Hundreds of members of the RAF Family have been supported by a series of new welfare initiatives, launched by the RAF Benevolent Fund…

This year alone, the RAF Benevolent Fund has received hundreds of enquiries for its Listening, Counselling and Wellbeing Service as well as those wishing to access help via Anxiety UK and Cruse Bereavement Care.

It is thought that one in four people will experience a common mental health illness, such as anxiety or depression, at some stage in their lives. Many do not seek the help they need, with only a quarter of those diagnosed going on to receive treatment.

Research carried out by the Fund in 2015, highlighted the need for more mental wellbeing support for the wider RAF Family, including veterans and dependants of those who serve. People like Sally, a Reservist in the RAF, who contacted Anxiety UK, for support with depression.

Sally said: “There is still a stigma around mental illness. I knew deep down something was wrong but I did not want to start that first conversation, I had a fear of where to start. I spent a long time in denial. You have to trust your family or a loved one and talk about it.

“My other half was adamant that things could not be left as they were any longer but I had to be pushed to get help. I thought I was coping but I wasn’t. Without the therapy sessions I would be in a far worse situation and I would encourage others to please seek help if they feel they are not coping and talk to someone about how they are feeling.”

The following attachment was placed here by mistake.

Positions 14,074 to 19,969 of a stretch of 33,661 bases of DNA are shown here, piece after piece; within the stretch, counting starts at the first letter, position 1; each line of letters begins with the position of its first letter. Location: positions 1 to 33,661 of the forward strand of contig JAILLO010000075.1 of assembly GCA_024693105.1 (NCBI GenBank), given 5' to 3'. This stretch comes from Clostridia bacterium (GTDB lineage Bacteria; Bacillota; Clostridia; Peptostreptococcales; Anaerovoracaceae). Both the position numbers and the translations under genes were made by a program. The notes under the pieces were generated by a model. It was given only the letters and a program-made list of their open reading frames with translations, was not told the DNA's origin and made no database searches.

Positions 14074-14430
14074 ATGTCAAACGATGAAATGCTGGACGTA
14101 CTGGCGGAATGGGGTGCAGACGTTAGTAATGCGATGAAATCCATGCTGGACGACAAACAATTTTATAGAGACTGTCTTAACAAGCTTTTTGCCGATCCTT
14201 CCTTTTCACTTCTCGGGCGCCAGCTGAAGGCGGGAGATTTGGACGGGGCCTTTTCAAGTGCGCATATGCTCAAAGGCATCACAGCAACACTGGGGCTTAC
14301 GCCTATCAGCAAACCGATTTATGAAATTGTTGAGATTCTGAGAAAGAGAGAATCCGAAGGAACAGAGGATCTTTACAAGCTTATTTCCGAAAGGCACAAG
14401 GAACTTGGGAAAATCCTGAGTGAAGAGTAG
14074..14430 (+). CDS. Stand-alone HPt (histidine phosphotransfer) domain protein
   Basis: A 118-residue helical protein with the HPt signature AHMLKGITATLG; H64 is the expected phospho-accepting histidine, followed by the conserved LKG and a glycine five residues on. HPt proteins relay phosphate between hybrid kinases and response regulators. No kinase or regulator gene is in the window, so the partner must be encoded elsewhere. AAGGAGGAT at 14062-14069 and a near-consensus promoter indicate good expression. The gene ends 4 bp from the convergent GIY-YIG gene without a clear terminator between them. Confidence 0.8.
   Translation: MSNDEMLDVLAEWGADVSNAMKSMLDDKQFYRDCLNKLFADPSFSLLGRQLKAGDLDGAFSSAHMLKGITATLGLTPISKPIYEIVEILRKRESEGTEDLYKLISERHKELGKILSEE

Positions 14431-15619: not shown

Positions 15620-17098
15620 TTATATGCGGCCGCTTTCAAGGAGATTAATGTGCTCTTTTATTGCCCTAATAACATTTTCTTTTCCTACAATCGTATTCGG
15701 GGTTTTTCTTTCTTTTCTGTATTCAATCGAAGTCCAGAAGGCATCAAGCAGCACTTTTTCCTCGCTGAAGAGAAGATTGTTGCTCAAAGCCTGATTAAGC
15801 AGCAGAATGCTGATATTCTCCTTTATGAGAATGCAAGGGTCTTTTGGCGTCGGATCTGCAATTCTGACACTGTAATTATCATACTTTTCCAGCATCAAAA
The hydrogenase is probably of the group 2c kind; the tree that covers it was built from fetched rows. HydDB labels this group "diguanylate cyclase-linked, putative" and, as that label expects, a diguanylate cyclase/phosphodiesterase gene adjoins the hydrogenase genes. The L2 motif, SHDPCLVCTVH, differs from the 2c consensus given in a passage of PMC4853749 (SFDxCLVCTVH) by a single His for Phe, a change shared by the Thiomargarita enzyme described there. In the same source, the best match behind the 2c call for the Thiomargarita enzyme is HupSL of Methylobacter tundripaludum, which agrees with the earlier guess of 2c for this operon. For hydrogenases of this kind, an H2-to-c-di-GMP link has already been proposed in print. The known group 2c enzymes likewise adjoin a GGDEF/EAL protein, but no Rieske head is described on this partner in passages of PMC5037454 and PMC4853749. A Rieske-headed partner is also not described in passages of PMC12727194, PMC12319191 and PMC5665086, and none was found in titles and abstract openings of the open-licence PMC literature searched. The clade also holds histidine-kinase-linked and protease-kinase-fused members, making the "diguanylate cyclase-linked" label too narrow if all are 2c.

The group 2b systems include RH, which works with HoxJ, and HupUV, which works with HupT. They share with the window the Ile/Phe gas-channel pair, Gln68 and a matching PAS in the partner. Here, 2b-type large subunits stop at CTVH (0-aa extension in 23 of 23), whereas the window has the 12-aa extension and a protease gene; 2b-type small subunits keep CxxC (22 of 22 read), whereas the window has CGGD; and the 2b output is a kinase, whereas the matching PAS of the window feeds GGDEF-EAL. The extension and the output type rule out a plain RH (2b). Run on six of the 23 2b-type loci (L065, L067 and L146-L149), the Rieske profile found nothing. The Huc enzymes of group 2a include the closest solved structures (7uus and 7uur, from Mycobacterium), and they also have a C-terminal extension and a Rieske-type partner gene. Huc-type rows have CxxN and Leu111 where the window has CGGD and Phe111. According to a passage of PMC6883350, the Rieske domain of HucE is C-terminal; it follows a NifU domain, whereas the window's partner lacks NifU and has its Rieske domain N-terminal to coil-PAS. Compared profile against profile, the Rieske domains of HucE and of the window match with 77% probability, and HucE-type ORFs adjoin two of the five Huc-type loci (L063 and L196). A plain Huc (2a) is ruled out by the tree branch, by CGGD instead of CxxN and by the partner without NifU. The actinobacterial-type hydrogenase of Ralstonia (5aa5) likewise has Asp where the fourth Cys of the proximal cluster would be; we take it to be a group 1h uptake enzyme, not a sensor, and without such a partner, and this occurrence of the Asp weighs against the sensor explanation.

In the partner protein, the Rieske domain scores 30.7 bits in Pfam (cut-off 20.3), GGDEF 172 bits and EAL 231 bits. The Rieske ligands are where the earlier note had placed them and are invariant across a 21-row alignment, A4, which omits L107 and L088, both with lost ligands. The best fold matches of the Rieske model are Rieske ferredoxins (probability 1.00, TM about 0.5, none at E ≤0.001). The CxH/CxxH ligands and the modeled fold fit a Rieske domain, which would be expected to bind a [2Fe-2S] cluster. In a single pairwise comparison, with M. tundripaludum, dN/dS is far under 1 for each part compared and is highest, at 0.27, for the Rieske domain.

The Fund’s partnership with Anxiety UK includes therapy provision for those experiencing anxiety and/or depression (only available for non-serving applicants, serving personnel should contact their Station Medical Officer in the first instance) and subsidised annual membership to Anxiety UK.

The RAF Benevolent Fund also works in partnership with Cruse Bereavement Care to offer support for those dealing with the loss of a loved one, including face-to-face and telephone counselling sessions. RAF veteran Les Campsie says the counselling ‘rescued him from a very dark place’ following the death of his wife of 57 years, Patricia.

Les explained: “For me counselling was the first step out of grief, it rescued me from a very dark place. It was hard at first but gradually you can talk about it and it encourages you take the next step. Talking to a third party outside of the immediate family is very helpful because you can talk openly, without fear of giving grief to someone else.

“I found I lost all my confidence when Patricia died, I found decision making very difficult. Counselling really helped to give me the courage to get out and about again, to re-join organisations I had given up when Patricia became so ill. Now I’m a regular member of my local Probus club and I go to the gym three times a week. It’s even given me the confidence to book my first holiday in years.”

As well as this, the Listening, Counselling and Wellbeing Service provides confidential emotional support to help the RAF Family deal with a range of issues from issues from low mood and stress to low self-esteem and loneliness or isolation due to caring. The service includes telephone and face-to-face counselling sessions, home visits are available.

If you need support with your mental wellbeing contact 0300 222 5703 or and you will be referred to the service best equipped to support you.